|confide recte agens||doing rightly be confident|
|aut virtus nomen inane est, aut decus et pretium recte petit experiens vir||either virtue is an empty name, or the man of enterprise justly aims at honor and reward (Horace)|
|avarus, nisi cum moritur, nil recte facit||a miser does nothing right except when he dies|
|cum vitia prosint, peccat qui recte facit||if vices were profitable, the virtuous man would be the sinner|
|doloris omnis privatio recte nominata est voluptas||what we rightly call pleasure is the absence of all pain (Cicero)|
|dummodo morata recte veniat, dotata est satis||provided she comes with virtuous principles, a woman brings dowry enough (Plautus)|
|extant recte factis præmia||the rewards of good deeds endure|
|fortiter et recte||bravely and uprightly|
|gratis anhelans, multa agendo nihil agens||panting without a cause, and, in pretending to do much, really doing nothing (Phædrus)|
|hoc patrium est, potius consuefacere filium sua sponte recte facere, quam alieno metu||it is a father’s duty to accustom his son to act rightly of his own free will rather than from fear of the consequences (Terence)|
|hæc perinde sunt, ut illius animus, qui ea possidet. Qui uti scit, ei bona, illi qui non utitur recte, mala||these things are exactly according to the disposition of the one who possesses them. To the one who knows how to use them, they are blessings; to the one who does not use them rightly, they are evils (Terence)|
|intus si recte, ne labora||if inwardly right, don’t worry|
|malo cum Platone errare, quam cum aliis recte sentire||I had rather be wrong with Plato than think right with others (Cicero)|
|mulier recte olet ubi nihil olet||a woman smells sweetest when she smells not at all (Plautus)|
|non possidentem multa vocaveris recte beatum. Rectius occupat nomen beati, qui deorum muneribus sapienter uti, duramque callet pauperiem pati, pejusque leto flagitium timet||you would not justly call him blessed who has many possessions; more justly does he claim the name blessed who knows how to use wisely the gifts of the gods and to bear the hardships of poverty, and who fears disgrace worse than death (Horace)|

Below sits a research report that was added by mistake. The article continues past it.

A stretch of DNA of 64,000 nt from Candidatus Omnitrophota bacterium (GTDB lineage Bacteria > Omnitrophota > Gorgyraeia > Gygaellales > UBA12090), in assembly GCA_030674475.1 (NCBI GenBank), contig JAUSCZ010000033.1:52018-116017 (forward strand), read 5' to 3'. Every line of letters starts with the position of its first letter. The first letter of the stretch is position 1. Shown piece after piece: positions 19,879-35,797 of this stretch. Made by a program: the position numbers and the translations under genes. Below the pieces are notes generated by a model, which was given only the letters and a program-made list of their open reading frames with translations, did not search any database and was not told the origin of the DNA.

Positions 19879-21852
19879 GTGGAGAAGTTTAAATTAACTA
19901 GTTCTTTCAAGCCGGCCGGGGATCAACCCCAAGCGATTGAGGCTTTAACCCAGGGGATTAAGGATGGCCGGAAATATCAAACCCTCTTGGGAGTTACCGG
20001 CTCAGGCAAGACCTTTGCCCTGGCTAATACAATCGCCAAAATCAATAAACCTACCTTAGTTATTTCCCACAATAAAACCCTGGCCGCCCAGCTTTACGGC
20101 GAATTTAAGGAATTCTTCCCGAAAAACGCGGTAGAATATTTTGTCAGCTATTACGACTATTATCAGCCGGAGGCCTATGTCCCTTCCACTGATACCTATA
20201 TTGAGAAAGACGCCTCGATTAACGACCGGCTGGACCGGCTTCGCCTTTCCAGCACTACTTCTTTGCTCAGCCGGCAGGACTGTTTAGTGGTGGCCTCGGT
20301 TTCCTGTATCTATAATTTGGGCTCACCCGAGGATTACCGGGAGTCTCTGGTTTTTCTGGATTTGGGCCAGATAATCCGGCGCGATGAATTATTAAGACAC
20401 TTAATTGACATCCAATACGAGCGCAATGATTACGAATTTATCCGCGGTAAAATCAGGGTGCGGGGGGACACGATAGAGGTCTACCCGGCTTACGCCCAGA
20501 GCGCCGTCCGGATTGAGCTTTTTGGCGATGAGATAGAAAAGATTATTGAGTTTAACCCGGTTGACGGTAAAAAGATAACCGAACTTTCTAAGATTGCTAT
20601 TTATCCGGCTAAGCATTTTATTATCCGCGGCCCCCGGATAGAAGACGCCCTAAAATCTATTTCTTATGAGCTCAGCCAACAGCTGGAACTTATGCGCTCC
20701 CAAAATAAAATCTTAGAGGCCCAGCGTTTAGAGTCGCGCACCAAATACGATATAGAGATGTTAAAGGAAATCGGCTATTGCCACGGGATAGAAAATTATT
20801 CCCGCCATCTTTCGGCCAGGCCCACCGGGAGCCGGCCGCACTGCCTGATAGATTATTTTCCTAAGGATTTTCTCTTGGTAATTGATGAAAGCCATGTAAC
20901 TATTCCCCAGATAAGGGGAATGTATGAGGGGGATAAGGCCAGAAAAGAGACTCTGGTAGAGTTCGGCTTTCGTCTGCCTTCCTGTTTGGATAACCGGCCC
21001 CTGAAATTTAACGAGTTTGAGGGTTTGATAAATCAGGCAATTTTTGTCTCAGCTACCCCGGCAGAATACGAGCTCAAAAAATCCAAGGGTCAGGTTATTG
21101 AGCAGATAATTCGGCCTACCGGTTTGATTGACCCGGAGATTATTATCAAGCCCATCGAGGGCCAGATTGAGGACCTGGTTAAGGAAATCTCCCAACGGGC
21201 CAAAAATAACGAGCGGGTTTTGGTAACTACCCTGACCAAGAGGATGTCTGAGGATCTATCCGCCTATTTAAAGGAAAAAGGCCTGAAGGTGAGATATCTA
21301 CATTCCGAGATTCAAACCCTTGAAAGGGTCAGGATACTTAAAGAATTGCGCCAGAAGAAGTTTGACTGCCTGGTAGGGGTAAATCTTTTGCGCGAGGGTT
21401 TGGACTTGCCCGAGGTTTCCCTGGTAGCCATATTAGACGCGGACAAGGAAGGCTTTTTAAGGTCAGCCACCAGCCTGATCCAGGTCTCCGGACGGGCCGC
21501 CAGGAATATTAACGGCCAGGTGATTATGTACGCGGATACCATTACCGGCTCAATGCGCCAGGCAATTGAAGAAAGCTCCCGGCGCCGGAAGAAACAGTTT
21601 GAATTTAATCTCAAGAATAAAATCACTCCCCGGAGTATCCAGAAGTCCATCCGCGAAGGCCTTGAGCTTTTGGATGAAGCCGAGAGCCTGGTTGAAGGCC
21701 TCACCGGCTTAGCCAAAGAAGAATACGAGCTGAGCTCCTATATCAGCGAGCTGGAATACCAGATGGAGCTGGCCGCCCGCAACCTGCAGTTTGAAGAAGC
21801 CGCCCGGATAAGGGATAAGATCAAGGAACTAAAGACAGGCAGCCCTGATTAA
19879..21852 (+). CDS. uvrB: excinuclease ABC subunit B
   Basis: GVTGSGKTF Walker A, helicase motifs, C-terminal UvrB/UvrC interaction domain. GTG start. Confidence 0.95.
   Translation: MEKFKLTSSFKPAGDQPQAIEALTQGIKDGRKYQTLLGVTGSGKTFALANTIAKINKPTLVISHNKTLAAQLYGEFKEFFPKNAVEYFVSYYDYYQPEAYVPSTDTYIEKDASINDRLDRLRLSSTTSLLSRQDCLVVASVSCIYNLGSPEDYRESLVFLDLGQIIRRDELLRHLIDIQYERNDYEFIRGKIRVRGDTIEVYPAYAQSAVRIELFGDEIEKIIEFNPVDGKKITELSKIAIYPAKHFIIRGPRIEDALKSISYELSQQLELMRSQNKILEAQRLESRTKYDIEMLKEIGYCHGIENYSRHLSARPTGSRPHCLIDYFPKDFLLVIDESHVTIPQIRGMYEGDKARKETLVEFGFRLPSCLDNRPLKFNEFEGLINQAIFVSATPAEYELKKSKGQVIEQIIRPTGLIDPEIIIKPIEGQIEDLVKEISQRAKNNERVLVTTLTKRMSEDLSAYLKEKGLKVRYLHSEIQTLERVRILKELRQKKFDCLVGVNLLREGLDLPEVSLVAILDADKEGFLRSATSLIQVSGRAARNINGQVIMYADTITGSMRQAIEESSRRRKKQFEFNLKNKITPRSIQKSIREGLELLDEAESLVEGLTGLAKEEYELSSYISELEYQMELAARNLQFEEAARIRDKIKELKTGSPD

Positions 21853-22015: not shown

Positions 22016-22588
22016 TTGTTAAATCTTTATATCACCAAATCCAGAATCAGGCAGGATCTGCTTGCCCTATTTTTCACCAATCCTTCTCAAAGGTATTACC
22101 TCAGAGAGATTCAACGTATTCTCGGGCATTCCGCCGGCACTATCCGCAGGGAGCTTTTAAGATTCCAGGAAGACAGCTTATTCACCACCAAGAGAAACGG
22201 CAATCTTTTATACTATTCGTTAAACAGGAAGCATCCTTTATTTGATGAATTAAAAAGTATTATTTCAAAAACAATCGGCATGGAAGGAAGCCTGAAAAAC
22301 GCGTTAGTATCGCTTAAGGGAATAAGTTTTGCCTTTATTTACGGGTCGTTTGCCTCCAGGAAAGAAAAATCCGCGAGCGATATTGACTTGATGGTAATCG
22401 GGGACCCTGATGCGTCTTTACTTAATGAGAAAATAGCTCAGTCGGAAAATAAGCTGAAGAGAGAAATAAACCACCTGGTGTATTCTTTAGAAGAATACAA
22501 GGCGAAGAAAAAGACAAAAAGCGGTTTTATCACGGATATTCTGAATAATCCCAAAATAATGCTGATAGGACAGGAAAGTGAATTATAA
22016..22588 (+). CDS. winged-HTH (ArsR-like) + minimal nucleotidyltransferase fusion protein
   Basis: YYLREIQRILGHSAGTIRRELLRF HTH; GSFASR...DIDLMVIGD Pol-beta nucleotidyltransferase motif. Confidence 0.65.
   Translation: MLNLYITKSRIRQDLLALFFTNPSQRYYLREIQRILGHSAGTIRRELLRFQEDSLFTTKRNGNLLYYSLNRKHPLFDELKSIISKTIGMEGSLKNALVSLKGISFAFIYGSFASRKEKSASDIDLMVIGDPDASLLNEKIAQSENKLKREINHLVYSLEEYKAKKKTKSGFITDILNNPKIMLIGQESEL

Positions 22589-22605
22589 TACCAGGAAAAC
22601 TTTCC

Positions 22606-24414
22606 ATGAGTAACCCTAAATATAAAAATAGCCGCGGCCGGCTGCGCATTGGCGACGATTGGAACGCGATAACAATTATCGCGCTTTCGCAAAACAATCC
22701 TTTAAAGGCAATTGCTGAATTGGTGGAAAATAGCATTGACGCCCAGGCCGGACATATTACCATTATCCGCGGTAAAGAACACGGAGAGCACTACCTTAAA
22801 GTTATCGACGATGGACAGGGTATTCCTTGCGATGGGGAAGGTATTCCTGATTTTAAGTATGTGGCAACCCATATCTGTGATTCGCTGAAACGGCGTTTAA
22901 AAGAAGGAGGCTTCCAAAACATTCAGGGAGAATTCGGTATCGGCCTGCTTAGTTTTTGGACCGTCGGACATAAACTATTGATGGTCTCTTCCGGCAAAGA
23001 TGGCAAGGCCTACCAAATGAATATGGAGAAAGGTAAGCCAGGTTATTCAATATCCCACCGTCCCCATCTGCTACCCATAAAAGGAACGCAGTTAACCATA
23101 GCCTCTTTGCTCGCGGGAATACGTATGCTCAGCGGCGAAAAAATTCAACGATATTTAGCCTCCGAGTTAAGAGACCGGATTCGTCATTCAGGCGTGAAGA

|persevera Deoque confide||persevere and trust in God|
|piger scribendi ferre laborem; scribendi recte; nam, ut multum, nil moro||too indolent to bear the toil of writing, I mean of writing well; for I say nothing about the quantity of his composition (Horace, said of someone who is a prolific writer, but not a prolific rewriter)|
|pulchre!, bene!, recte!||beautiful!, good!, right! (Horace)|
|qui recte vivendi prorogat horam rusticus expectat dum defluat amnis, at ille labitur et labetur in omne volubilis ævum||the one who postpones the hour for living aright is like the yokel who waits till the river flows by; but it glides and will glide on to all eternity (Horace)|
|Quidvis Recte Factum Quamvis Humile Praeclarum||Whatever is rightly done, however humble, is noble|
Translations: 1 – 20 / 32
EUdict (European dictionary) is a collection of online dictionaries for the languages spoken mostly in Europe. These dictionaries are the result of the work of many authors who worked very hard and finally offered their product free of charge on the internet thus making it easier to all of us to communicate with each other. Some of the dictionaries have only a few thousand words, others have more than 320,000. Some of the words may be incorrectly translated or mistyped.
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Total number of language pairs: 508
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My name is Tomislav Kuzmic, I live in Croatia and this site is my personal project. I am responsible for the concept, design, programming and development. I do this in my spare time. To contact me for any reason please send me an email to tkuzmic at gmail dot com. Let me take this chance to thank all who contributed to the making of these dictionaries and improving the site's quality:
EUdict is online since May 9, 2005 and English<>Croatian dictionary on tkuzmic.com since June 16, 2003.